The Marco Rubio Phenomenon
Last Spring I was considering blogging about Marco Rubio’s run for the U.S. Senate in Florida, but decided against it. I’m a Floridian, so it’s interesting to me, but I thought he was too much of a long shot to be of much interest to people outside of Florida. Now, Rubio appears to be the hottest Senate candidate nationwide.
Some background: Rubio is running for the Senate seat formerly held by Republican Mel Martinez. Martinez decided he’d had enough of the Senate in 2008, and not only wasn’t running for reelection, he was resigning his seat in mid-term. His replacement, George LeMieux, appointed by Governor Charlie Crist, was a long-time aide and friend of Crist’s. LeMieux is not running to keep his seat, but Crist is running for that seat.
Crist, finishing his first term as governor, decided that rather than run for reelection he would run for what amounts to an open Senate seat, now occupied by his friend who appears to be just a place holder for Crist until the November election. Meanwhile, Jim Greer, another Crist buddy and until a few weeks ago head of the Republican Party of Florida, not only supported Crist for Senate, but told other Republicans they shouldn’t run. Interparty competition would just weaken the Republican candidate in the general election.
Marco Rubio, former Speaker of the Florida House of Representatives, was term limited out of office two years ago, and announced he was also running for that Senate seat.
Rubio looked like a long shot, running against a fairly popular governor with lots of name recognition state-wide and support of the state’s party. As Speaker of the House, Rubio certainly has some background in politics, but not nearly as much name recognition (until recently). Everybody knows the governor; few people know the Speaker of the House.
Now I notice Rubio getting lots of press in national outlets. I’ve seen a number of stories about Rubio that don’t mention he’s running against Crist, but it seems like whenever a story about Crist appears, the story mentions that he’s running against Rubio. (The stories never mention Kendrick Meek, the front-runner among Democratic candidates.)
The buzz on Rubio comes from two sources. First, he’s a Cuban-American whose parents fled the Casto regime. Second, and more substantially, he’s a very committed fiscal conservative. I’ll stop short of calling him a libertarian, but (1) there’s lots for libertarians to like about Marco Rubio, and (2) he holds firm to his principles.
Despite the name recognition advantage, in straw poll after straw poll Rubio has been beating Crist, and that has thrust him from an almost-unknown to prominence. This happened because the people who vote in early straw polls are better-informed, and liked Rubio better than Crist. My perception is that Crist is a populist who will take any position he believes will get him more support, whereas Rubio is a committed fiscal conservative who has principles and lives by them, which Republicans who voted in early straw polls liked.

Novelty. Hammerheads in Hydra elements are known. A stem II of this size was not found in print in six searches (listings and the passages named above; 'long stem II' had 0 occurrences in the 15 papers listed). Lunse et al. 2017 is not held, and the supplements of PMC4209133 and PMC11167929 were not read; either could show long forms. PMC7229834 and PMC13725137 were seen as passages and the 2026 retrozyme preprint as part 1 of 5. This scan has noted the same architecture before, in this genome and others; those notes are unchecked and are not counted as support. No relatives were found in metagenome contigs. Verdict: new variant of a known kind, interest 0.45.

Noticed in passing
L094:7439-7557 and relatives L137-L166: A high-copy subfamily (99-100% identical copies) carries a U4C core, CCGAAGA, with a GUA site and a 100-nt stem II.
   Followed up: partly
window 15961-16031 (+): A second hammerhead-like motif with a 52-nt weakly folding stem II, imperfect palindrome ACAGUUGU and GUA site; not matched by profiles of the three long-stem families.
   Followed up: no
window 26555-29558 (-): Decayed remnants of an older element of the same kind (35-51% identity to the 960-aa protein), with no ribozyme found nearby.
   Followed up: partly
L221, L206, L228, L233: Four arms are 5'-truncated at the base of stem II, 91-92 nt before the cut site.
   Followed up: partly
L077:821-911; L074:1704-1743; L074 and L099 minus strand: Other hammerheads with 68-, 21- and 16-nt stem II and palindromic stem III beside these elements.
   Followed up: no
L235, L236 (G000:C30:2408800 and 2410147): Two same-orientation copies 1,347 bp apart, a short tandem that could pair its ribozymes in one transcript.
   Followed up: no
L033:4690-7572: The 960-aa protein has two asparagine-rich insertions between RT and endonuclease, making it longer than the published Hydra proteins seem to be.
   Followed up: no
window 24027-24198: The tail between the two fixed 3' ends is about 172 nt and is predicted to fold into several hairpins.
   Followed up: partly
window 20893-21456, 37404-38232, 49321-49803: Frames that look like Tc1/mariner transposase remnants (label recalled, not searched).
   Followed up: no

Now the press is treating Rubio as at least a credible candidate, and maybe the front-runner for the Republican nomination, and that press coverage is giving Rubio more visibility, both state-wide and nationally.
Rubio is still behind Crist in fundraising, but Rubio’s rise is something those who favor more limited government should note. If he wins the Senate race he will look like a giant killer, and will be a credible presidential candidate in 2016.
From a distance it appears that Rubio is a lot like President Obama, notwithstanding their very different political views. Both rose out of nowhere, apparently, and as a Hispanic minority Rubio, like Obama, will appeal to the “diversity” crowd. If Rubio wins the Senate that parallel will surely be noted.
But Rubio and Obama differ in more than just their political views. While Obama was a community organizer, Rubio served eight years in the Florida House of Representatives, the last two as Speaker, until he was term-limited out of office. Rubio was a tough and principled leader as Speaker. He held firm to his ideals, and I give him much credit for holding the line on Florida’s state government expenditures as revenues fell throughout the recent recession. While he was Speaker, he set the fiscal agenda more than Governor Crist.
If Rubio looks attractive at a distance to those who favor limiting government, he should look even more attractive once people get to know him. His candidacy is picking up steam, even as Crist’s appears to be falling apart. The odds look good that he will not only be Florida’s next U.S. Senator, but also will become a visible proponent for limited government on the national stage.